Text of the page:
Prescriptive variability of drugs by general practitioners

Magda Bucholc, Maurice O'Kane, Siobhan Ashe, KongFatt Wong-Lin

Research output: Contribution to journalArticle

2 Citations (Scopus)
2 Downloads (Pure)

Abstract

Prescription drug spending is growing faster than any other sector of healthcare. However, very little is known about patterns of prescribing and cost of prescribing between general practices. In this study, we examined variation in prescription rates and prescription costs through time for 55 GP surgeries in Northern Ireland Western Health and Social Care Trust. Temporal changes in variability of prescribing rates and costs were assessed using the Mann–Kendall test. Outlier practices contributing to between practice variation in prescribing rates were identified with the interquartile range outlier detection method. The relationship between rates and cost of prescribing was explored with Spearman's statistics. The differences in variability and mean number of prescribing rates associated with the practice setting and socioeconomic deprivation were tested using t-test and F-test respectively. The largest between-practice difference in prescribing rates was observed for Apr-Jun 2015, with the number of prescriptions ranging from 3.34 to 8.36 per patient. We showed that practices with outlier prescribing rates greatly contributed to between-practice variability. The largest difference in prescribing costs was reported for Apr-Jun 2014, with the prescription cost per patient ranging from £26.4 to £64.5. In addition, the temporal changes in variability of prescribing rates and costs were shown to undergo an upward trend. We demonstrated that practice setting and socio-economic deprivation accounted for some of the between-practice variation in prescribing. Rural practices had higher between practice variability than urban practices at all time points. Practices situated in more deprived areas had higher prescribing rates but lower variability than those located in less deprived areas. Further analysis is recommended to assess if variation in prescribing can be explained by demographic characteristics of patient population and practice features. Identification of other factors contributing to prescribing variability can help us better address potential inappropriateness of prescribing.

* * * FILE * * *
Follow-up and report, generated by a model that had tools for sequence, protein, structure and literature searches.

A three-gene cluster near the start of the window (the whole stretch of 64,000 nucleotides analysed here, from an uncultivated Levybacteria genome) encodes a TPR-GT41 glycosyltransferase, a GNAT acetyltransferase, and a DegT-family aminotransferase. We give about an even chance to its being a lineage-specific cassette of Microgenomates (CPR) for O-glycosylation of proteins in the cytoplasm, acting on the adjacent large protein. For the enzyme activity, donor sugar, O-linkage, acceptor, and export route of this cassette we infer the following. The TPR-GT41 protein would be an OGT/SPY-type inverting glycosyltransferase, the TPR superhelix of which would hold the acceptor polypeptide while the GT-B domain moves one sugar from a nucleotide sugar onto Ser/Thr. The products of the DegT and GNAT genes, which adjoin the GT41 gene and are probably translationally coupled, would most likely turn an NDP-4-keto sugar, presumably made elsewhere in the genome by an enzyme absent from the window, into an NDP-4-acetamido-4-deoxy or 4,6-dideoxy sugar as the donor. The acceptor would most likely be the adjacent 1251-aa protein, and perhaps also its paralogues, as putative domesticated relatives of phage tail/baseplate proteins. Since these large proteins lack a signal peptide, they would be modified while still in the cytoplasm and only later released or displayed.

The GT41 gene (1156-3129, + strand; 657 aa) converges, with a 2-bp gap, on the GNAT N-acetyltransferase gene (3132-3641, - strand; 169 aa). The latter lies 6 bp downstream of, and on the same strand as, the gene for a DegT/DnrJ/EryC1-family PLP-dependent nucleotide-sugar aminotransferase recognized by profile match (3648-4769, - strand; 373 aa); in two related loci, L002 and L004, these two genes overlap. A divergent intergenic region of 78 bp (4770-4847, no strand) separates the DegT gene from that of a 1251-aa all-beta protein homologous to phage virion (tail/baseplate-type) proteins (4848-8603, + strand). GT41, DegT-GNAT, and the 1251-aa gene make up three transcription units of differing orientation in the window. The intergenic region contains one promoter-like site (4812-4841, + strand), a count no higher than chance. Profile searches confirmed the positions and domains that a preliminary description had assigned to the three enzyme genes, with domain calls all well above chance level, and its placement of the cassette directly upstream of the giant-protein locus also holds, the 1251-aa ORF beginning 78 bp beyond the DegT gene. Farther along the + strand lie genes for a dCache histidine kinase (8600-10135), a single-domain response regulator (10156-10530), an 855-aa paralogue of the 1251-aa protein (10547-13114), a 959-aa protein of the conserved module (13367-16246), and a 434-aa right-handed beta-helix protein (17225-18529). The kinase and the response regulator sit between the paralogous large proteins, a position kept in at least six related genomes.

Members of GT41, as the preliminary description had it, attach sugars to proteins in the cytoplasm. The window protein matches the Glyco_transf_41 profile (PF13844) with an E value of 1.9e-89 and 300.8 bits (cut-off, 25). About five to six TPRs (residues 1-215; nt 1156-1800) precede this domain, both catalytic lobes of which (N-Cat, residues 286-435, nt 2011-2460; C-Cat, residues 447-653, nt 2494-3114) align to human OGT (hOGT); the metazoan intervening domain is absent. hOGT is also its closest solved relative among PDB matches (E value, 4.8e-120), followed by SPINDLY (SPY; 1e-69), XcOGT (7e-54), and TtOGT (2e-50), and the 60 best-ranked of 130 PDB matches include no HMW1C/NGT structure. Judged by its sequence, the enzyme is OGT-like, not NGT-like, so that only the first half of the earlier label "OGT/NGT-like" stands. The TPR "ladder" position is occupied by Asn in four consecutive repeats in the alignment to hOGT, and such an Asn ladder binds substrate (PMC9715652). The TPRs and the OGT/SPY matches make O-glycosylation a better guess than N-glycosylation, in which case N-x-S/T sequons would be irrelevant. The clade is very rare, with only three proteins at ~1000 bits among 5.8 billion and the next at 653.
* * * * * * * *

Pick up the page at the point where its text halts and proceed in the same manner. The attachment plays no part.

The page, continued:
Original languageEnglish
Article numbere0189599
Number of pages13
JournalPLoS ONE
Volume13
Issue number2
DOIs
Publication statusPublished - 20 Feb 2018

Keywords

  • Drug prescription
  • prescription costs
  • socio-economic factors
  • between-practice variability
  • outliers
  • general practitioner surgeries
  • Northern Ireland data

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